Mill’s Concept of Self-Analysis

Gutek (2011) explains Mill’s implication that ‘in the educative process, the learner is to be appreciated as an individual personality ho has her or his own ideas, interests, needs, and values.  Attention needs to be focused constantly and consistently on the learner, who possesses unique potentialities to achieve fulfillment as a human being and to contribute from her or his unique individuality to the happiness and welfare of others.”  To me, this echoes my district’s mantra of ‘Every child, every day’.  As educators, our self-analysis is a tool ensuring reflection of instructional planning and delivery.  What is imperative to weave into that reflection is the differentiated needs of our learners, and the assurance that it is a ‘whole-student’ differentiation: based not only on readiness and learning style (needs?) but also interests and culture and purpose.  Yet, we cannot stop there.  As explained above, we also have to provide an environment where our students can utilize their individual strengths and attributes to contribute to the overall classroom environment.  I believe that’s the true difference between differentiated learning and individualized learning, with differentiation being built around a communal objective while meeting the individual’s needs.  I feel that in my own self-analysis, I am making strides when it comes to differentiation, but often assess as an end-goal the achievement of each individual student.  By examining Mill’s philosophy, I now want to take that further: now that my students have learned, how can the individual’s fulfillment of the objective serve to further enrich the community?  In analyzing that question, it might be truly possible to elevate the learning experience.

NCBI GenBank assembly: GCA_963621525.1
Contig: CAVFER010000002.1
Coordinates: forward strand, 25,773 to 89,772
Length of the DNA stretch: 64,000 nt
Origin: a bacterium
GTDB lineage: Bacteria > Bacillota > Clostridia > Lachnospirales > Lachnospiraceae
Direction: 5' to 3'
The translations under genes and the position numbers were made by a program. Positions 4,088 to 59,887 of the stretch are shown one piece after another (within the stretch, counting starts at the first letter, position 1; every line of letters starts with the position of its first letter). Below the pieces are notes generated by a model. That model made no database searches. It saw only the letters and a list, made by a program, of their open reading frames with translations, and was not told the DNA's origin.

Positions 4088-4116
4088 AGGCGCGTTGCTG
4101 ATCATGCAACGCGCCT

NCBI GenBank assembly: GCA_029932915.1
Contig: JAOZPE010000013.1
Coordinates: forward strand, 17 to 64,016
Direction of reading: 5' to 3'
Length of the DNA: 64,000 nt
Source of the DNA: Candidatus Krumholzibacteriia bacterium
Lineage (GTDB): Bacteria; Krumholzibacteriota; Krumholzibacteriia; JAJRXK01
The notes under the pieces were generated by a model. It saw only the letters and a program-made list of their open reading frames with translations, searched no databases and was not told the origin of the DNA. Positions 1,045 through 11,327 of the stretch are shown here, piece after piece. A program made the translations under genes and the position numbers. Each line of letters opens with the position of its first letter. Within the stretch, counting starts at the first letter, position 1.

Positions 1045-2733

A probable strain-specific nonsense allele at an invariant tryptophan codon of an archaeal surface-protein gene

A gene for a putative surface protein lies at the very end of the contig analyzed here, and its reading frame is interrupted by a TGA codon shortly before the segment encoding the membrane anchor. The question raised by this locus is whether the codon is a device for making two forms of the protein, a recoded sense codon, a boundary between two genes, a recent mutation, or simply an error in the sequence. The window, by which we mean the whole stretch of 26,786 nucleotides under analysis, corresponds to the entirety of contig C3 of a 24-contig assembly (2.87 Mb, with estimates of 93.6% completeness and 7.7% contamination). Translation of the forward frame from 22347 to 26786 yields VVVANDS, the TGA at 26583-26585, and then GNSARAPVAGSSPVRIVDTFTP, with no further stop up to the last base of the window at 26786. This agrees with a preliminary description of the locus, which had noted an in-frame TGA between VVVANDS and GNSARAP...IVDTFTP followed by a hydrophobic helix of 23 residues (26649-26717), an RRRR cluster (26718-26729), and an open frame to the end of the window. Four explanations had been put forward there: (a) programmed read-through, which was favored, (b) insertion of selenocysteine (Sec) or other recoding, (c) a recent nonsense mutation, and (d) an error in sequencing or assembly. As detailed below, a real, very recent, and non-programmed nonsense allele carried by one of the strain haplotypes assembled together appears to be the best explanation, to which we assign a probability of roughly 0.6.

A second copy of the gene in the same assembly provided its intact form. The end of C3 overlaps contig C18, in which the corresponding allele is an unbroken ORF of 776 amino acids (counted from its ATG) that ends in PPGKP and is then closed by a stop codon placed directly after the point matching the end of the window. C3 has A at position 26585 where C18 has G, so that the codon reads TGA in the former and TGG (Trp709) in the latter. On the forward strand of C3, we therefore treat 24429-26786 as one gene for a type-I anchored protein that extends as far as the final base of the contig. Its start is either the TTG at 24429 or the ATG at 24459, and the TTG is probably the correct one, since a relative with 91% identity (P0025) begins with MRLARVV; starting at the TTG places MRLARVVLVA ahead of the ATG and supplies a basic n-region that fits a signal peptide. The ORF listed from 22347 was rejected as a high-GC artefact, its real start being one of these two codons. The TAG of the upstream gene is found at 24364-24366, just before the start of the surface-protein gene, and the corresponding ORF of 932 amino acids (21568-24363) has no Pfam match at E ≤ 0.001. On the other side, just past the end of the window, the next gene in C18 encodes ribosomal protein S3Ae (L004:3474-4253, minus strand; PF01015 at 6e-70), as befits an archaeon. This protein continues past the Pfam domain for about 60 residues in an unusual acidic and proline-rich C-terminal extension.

Gutek, G.L. (2011) Historical and philosophical foundations of education: A biographical introduction. Boston, MA: Pearson.

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